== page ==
I'm applying to some schools in US for my PhD studies. In the application form there are two different places for uploading CV and Resume.

What is the difference between them?

  • 3
    Don't downvote, help. Dec 4, 2015 at 23:04
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    This is a place to share information. If someone downvotes it would be friendlier to explain at least :) Dec 4, 2015 at 23:09
  • I haven't down voted, but I cannot see how this question is specific to academia (or why the OP hasn't just googled the answer), so others may well feel the same.
    – Jessica B
    Dec 5, 2015 at 9:40
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    Thanks for comment @Jessica. According to your argument I think 60-70 percent of questions in stackexchange can be googled but having a comprehensive subjective discussion where people oppose and agree each other with different perspectives is the point behind stackexchange (I could be simply wrong but this is my impression). In my case yes, if you simply google you can find tones of articles about this question but you can not connect them in anyway. Some say they are the same and some say they are different for some reasons. Asking such question here may help people in application process. Dec 5, 2015 at 17:08

3 Answers 3


Resume is shorter.

Resume provides a summary of your education, previous employment, skills, and accomplishments.

CV includes all the above in more details plus publications, presentations, detailed teaching experience, etc.

  • Thank you :) I'll wait for more responses and in the case I do not get more info I'll accept yours. Thanks again! Dec 4, 2015 at 23:14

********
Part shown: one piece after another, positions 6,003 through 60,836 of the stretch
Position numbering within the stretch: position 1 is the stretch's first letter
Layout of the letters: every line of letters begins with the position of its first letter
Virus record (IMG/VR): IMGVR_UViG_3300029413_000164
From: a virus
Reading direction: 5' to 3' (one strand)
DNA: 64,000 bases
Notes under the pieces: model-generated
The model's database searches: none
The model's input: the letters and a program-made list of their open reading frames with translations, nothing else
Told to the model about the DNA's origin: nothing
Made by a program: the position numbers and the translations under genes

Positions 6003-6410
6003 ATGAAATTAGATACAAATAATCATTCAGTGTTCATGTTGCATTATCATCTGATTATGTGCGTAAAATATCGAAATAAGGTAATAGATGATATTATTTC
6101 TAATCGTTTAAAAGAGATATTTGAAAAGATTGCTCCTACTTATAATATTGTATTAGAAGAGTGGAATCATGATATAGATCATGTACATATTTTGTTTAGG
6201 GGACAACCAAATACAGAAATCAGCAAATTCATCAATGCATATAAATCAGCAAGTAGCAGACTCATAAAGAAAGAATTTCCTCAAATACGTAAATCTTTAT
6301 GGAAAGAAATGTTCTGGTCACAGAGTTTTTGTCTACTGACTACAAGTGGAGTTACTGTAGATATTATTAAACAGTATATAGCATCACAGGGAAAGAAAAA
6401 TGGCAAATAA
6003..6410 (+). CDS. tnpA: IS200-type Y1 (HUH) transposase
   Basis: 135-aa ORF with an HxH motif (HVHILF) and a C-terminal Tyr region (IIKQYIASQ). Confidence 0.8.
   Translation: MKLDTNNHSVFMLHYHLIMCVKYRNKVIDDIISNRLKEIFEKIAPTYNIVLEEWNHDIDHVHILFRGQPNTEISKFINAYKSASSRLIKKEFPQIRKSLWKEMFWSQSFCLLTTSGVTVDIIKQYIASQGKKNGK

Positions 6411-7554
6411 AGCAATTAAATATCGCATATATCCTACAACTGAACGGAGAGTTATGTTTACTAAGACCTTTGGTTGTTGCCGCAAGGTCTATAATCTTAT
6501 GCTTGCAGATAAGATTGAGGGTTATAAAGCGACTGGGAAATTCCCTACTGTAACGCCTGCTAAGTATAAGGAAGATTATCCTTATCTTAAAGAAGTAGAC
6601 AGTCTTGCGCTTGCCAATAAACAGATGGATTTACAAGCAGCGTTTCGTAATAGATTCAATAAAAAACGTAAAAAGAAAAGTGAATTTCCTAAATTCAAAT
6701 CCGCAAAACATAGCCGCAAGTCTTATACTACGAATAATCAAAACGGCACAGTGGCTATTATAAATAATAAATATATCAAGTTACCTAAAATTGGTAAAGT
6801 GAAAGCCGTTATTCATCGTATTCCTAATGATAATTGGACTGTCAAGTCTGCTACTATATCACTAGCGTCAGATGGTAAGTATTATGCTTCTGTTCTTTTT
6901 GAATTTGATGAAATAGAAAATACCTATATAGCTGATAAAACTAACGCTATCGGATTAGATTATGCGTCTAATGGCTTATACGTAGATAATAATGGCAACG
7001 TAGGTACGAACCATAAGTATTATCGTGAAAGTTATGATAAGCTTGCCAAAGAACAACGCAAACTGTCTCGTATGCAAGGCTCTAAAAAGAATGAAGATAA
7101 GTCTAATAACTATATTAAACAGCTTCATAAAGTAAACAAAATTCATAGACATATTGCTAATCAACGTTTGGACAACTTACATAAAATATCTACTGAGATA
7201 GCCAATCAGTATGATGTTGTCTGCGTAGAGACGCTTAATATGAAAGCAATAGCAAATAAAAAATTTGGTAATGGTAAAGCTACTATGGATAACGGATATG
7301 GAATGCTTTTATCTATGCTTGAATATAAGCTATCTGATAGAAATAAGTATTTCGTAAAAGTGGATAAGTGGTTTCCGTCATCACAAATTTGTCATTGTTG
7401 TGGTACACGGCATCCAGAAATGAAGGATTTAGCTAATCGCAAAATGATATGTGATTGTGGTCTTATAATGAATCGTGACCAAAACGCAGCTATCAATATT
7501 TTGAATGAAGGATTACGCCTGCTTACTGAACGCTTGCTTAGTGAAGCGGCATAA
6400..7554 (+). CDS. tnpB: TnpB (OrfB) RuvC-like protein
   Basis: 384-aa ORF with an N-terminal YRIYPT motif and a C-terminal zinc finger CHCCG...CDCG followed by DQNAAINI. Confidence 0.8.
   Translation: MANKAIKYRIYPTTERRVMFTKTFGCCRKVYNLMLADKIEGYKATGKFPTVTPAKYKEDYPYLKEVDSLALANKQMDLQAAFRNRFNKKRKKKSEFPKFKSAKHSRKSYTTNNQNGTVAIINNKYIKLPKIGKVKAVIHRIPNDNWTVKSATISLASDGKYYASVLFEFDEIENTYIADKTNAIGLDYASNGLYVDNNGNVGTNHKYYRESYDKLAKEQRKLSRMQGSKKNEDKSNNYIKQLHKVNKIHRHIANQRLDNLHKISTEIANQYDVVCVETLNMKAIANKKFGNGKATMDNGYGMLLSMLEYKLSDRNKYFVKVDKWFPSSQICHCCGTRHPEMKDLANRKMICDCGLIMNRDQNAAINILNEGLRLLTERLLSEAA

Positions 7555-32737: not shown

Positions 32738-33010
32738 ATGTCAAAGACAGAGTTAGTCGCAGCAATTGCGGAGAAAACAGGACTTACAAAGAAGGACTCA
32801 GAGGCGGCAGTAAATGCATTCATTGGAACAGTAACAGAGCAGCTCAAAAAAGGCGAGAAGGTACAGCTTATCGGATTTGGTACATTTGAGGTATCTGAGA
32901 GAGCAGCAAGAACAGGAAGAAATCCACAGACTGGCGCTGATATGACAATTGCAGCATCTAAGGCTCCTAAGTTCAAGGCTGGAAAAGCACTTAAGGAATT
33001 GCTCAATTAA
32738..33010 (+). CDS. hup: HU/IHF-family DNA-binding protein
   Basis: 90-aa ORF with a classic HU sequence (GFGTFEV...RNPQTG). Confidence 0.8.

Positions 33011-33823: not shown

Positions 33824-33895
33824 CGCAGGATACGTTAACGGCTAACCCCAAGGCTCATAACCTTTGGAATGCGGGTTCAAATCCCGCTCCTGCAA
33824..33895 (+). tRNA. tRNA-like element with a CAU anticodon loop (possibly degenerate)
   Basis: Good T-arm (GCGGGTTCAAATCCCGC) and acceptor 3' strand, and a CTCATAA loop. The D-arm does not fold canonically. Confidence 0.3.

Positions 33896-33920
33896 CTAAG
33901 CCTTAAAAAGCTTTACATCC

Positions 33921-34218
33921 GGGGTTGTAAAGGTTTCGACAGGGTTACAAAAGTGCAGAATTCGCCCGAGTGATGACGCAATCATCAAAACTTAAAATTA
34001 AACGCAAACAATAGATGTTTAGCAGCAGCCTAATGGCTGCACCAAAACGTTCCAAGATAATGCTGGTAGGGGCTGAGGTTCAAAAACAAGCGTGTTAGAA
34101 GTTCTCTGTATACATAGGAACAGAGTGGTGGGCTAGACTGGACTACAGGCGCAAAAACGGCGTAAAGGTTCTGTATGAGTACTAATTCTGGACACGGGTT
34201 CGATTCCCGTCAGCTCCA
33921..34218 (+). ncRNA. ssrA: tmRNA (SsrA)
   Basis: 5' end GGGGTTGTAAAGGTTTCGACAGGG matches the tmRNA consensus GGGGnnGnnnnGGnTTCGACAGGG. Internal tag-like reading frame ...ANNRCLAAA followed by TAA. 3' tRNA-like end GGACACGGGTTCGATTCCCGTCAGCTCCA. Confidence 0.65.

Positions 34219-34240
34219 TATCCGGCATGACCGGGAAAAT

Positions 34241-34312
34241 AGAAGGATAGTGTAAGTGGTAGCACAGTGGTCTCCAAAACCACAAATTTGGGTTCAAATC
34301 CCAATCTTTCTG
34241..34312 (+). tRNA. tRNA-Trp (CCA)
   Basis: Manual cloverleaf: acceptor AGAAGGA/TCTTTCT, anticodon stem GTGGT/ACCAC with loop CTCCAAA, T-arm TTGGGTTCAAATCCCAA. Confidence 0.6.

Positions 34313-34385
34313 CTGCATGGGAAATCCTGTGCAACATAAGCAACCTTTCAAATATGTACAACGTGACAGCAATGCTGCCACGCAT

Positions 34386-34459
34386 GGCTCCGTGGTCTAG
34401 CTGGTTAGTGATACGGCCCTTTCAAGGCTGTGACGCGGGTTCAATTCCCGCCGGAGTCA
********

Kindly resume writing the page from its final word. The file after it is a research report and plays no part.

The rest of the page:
A resume tends to be a one page summary of what your background is with respect to the position you are applying for. informally needs to be a very dumbed-down version of what you have done so it can be understood by a general audience specially the early-stage selection committees(read departments staff, random volunteers, HR personnel). In a resume, a person might focus on marketing his accomplishments in a context of the positions this person is submitting the resume to.

CV or curriculum vitae can go any number of pages and can include all aspects of you. I have heard people having 150 pages of CV and using them for applying to positions like a program manager at NIH with 40 pages for their publications alone. A CV is in a way an absolute document and you don't edit it based on the position you submit your CV to. It is generally all there is to it.


It may be worth pointing out that the distinction made between resumes and CVs in the other answers is very much a US thing. Outside of the US, things are different. In Europe (including the UK) resumes are uncommon. Instead, CVs are used for everything. However, CVs are generally expected to be much shorter. As a rule of thumb, a European should fit on two pages A4, and is tailored to the job you are applying for. Also, unless specifically requested, a European CV will not contain a list of publications. European CVs thus fall somewhere in the middle ground of American resumes and CVs.

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